Already we can see how these capex trends are causing growth to shift upwards for a key set of exposed companies.

Figure 4: Company examples where we might see a step change in growth

Industry Company Description Pre-COVID organic growth Forward targets organic growth
Automation Rockwell Automation US provider of automation tech 2% 5%-8%
Construction materials CRH plc Product supplier to the construction industry 4% 5%-9%
Defence (EU) Rheinmetall German automotive and arms manufacturer 3% 18%
Defence (Global) BAE Systems plc UK arms and aerospace company 0% 5-7%
Design engineering Jacobs US engineering and services company 3% 6-9%
Electrical Rexel French supplier of electrical products (RE and other) 1% 4-7%
Electrical, Automation ABB Power and automation engineering firm 1% 5-7%
Electrical, Automation Schneider Electric Process and energy technologies 2% 7-10%
Heating, ventilation, air conditioning (HVAC) Carrier US-based intelligent energy and climate solutions 4% 6-8%
Insulation Kingspan Dublin-based supplier of products for energy-efficient buildings 4% 5-10%
Manufacturing, mining equipment Sandvik Swedish engineering firm in the mining and metals industry 1% 7%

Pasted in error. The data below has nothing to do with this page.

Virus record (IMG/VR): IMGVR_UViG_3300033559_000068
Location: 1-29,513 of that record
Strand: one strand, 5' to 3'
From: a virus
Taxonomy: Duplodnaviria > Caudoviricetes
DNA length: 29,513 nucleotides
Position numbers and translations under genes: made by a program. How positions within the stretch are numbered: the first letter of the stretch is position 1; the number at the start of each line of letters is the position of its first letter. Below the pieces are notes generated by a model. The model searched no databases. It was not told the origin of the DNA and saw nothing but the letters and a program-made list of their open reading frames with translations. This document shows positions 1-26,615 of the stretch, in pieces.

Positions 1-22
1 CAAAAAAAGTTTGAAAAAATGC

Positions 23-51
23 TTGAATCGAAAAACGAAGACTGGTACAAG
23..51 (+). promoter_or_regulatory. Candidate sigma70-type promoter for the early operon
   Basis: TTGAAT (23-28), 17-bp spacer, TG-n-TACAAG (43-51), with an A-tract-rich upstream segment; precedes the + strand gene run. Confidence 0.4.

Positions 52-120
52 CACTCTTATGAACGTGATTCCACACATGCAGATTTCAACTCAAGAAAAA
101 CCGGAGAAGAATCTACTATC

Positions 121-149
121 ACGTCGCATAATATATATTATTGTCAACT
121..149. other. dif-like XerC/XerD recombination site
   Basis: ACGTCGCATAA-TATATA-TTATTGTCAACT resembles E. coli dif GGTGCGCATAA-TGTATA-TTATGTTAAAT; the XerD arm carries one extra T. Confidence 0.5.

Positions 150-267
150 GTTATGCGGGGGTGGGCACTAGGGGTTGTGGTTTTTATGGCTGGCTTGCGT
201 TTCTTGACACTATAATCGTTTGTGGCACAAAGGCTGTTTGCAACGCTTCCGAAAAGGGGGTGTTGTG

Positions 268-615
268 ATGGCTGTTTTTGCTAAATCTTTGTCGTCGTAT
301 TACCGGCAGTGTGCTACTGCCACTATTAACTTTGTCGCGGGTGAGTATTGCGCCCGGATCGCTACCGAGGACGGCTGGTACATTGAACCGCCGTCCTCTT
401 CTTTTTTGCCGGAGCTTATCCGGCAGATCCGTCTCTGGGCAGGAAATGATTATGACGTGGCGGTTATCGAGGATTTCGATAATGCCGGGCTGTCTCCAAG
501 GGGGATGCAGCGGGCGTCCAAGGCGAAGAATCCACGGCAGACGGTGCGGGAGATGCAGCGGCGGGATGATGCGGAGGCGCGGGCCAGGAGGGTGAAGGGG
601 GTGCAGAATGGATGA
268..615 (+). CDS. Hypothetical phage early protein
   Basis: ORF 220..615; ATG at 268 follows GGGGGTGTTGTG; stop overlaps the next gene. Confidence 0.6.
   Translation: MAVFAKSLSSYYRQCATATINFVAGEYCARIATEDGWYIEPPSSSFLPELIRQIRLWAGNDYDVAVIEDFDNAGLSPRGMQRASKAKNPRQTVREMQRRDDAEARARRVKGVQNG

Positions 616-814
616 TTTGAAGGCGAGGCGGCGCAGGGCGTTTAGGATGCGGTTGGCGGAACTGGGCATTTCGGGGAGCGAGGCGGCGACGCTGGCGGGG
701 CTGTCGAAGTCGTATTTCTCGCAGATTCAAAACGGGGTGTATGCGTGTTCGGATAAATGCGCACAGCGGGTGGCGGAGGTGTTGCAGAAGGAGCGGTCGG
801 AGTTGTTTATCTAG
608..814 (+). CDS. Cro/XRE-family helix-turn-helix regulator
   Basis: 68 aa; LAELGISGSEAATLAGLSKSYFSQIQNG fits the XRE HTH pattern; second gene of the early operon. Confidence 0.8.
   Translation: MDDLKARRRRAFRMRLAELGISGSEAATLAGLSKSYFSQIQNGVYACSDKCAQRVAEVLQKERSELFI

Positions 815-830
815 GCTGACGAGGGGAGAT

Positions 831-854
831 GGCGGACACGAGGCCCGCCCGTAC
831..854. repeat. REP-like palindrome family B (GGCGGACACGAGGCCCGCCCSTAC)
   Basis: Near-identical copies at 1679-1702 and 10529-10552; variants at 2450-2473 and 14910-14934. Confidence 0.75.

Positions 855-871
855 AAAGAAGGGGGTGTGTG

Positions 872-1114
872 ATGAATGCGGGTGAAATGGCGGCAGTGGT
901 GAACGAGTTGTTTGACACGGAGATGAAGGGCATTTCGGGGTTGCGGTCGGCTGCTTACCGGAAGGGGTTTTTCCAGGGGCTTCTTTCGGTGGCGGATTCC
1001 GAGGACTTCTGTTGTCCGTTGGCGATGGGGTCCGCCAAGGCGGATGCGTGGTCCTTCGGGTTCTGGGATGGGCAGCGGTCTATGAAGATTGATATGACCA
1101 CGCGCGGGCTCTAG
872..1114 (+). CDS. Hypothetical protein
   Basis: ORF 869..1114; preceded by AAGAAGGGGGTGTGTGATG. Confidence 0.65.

No representation is being made that any investment will or is likely to achieve profits or losses similar to those achieved in the past, or that significant losses will be avoided.

This is not a buy, sell or hold recommendation for any particular security.
Source: Ninety One research and company reports.

In conclusion

As economist John Cochrane recently pointed out, narratives precede formal analysis. In this piece we explore a scenario that appears increasingly probable for the global economy.

The narrative suggests that the global economy may be on the verge of a capex-driven and resource-intensive cycle that will usher in a different market leadership to the last cycle. Should capital expenditure surpass previous levels due to the thematic drivers we’ve examined – such as the green transition and defence spending – it would profoundly impact sectors of the equity market exposed to these tail- and headwinds. Moreover, it would influence the broader macroeconomic landscape, potentially spurring higher inflationary impulses and sustained increases in bond yields at cyclical peaks.

Our research suggests the structural thematic drivers outlined here are durable, substantial, and are likely to play out over many years. While the impact on productivity may take time to materialise, the changes are palpable and poised to exert a tangible influence.

More from the Investment Institute

2 The state of US infrastructure
3 The Cost of the Global Arms Race, The Economist, May 23, 2023.
4 Swiss Re Institute.
6 Intelligent Data Centres.


John Holmes
Sahil Mahtani
Strategist, Investment Institute
Daniel Morgan
Analyst, Multi-Asset
Russell Silberston
Investment Strategist – Macro-economic and policy research​